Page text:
"Sixty-seven doctors happily referred for abortions without knowing a single thing about the woman requesting them.

    "Worse, at the very top, senior doctors and lawyers at the GMC decided to keep these crimes to themselves. This shames the GMC and makes a mockery of the Abortion Act."

  3. Pregnancy clue to male hormones

    Male health could be determined by the extent of a baby's exposure to testosterone in the womb, Scottish researchers have reported.

    Laboratory studies have shown the male hormone is critical to the development of the stem cells that produce the hormone in adult males.

    The Edinburgh University researchers say this could be a key factor in male health - with low hormone levels contributing to obesity, diabetes and heart disease.

    Their study centred on the origins of Leydig cells, which produce the hormone in men.

    They reported their findings in the Proceedings of the National Academy of Sciences last night.

    The researchers say the level of testosterone in the womb might be influenced by the mother's lifestyle and any drugs or chemicals she was exposed to.

    Researcher Professor Richard Sharpe said: "There is increasing evidence that a mother's diet, lifestyle and exposure to drugs and chemicals can have a significant impact on testosterone levels in the womb.

    "We need a better grasp of these factors so that we can give reliable advice to pregnant women to protect the health of her unborn child."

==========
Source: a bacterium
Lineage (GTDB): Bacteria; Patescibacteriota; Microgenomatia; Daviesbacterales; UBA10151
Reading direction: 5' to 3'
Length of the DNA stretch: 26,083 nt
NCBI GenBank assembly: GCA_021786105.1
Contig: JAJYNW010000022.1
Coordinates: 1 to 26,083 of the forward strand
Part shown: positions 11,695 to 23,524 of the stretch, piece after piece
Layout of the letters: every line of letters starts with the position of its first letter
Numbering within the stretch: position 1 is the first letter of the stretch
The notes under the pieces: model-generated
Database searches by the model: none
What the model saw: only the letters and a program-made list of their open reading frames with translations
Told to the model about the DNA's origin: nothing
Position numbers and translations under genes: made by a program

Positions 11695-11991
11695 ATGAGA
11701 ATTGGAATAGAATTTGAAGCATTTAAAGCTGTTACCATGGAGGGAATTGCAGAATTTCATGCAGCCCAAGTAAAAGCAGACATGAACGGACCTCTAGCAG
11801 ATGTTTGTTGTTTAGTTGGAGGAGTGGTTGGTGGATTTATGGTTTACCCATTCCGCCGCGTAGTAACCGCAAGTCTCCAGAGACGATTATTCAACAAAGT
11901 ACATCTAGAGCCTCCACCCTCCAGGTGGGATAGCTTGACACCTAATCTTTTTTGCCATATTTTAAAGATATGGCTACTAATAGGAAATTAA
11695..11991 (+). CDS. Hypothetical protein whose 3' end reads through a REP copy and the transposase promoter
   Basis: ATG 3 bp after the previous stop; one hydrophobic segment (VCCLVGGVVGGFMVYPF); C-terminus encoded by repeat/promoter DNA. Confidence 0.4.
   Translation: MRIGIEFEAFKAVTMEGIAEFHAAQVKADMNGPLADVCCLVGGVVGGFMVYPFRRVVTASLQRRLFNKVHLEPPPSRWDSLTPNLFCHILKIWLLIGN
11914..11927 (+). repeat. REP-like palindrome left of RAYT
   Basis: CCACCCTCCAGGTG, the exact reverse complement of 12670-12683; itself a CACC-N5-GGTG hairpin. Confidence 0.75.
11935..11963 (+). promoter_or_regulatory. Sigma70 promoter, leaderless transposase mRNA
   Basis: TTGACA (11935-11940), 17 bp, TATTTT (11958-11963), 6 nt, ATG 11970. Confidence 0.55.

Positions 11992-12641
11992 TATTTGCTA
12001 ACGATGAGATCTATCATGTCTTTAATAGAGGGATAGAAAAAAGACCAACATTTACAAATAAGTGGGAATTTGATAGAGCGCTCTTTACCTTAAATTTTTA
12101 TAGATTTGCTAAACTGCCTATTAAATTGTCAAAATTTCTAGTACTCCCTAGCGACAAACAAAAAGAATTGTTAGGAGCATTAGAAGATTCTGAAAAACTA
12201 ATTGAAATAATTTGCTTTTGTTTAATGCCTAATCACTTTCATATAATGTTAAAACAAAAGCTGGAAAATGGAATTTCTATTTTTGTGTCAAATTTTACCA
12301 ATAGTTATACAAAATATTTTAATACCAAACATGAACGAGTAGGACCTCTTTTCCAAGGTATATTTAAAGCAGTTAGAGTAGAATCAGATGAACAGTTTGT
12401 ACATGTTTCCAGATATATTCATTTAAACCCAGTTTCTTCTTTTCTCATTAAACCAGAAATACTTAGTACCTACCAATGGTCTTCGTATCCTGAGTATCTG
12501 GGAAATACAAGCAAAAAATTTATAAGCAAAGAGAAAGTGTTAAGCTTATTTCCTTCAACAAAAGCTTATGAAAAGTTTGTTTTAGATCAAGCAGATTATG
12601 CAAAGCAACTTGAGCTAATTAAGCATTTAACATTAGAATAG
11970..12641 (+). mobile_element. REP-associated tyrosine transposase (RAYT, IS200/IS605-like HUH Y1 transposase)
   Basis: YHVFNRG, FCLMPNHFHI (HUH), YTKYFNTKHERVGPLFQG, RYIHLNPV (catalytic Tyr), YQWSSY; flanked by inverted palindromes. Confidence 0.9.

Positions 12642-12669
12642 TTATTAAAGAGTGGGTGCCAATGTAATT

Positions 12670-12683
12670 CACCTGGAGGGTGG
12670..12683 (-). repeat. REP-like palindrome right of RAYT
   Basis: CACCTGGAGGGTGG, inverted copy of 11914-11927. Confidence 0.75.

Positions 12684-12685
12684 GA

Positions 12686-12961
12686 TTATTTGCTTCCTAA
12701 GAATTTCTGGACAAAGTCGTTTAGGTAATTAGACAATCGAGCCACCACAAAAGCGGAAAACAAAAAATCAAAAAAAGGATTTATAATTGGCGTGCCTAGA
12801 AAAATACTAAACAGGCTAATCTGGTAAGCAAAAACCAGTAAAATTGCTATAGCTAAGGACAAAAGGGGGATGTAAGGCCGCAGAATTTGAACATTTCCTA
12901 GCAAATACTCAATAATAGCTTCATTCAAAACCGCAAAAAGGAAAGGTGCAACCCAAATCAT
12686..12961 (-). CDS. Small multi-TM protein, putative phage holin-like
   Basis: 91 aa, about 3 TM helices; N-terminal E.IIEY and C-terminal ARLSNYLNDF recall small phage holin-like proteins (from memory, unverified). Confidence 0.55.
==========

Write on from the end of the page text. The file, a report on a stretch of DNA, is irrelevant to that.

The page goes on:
K.R Kilcoyne et al. Fetal programming of adult Leydig cell function by androgenic effects on stem/ progenitor cells. PNAS 21 April 2014. [abstract]

  4. Special stroke ambulances boost outcomes

    Ischaemic stroke can be treated faster with the use of ambulance-based equipment, new research shows.

    Stroke is a top cause of death and disability. The form of stroke known as acute ischemic stroke is best treated with intravenous thrombolysis (clot-busting) drugs, usually a form of tissue plasminogen activator.

    Time taken to begin thrombolysis is crucial for patient outcomes, explain Dr Martin Ebinger of Charite-Universitatsmedizin Berlin, Germany, and colleagues in the Journal of the American Medical Association today (23 April).

    They investigated whether starting thrombolysis in a specialised ambulance can reduce delays. They compared this approach against usual care for 6,182 male and female stroke patients in Berlin, with an average age of 74 years.

    Half were treated in an ambulance equipped with a "point-of-care laboratory", members of a specialised stroke team, and a CT scanner to rule out brain haemorrhage. If ischemic stroke was confirmed, thrombolysis was started before reaching hospital.

    "Alarm-to-treatment time" was cut by 25 minutes when using the specialised ambulance. The rate of tissue plasminogen activator treatment was higher when the specialised ambulances were deployed - 33% versus 21%. Neither brain haemorrhage or seven day mortality were increased due to the specialised ambulances.

    The team conclude: "Compared with usual care, the use of ambulance-based thrombolysis resulted in decreased time to treatment without an increase in adverse events."

    They add that further studies are needed to assess the impact on clinical outcomes, and the benefits found in this study must be weighed against the higher costs of the specialised ambulances - about 832,000 UK pounds each.

    Ebinger, M. et al. Effect of the Use of Ambulance-Based Thrombolysis on Time to Thrombolysis in Acute Ischemic Stroke: A Randomized Clinical Trial. JAMA 23 April 2014; doi:10.1001/jama.2014.2850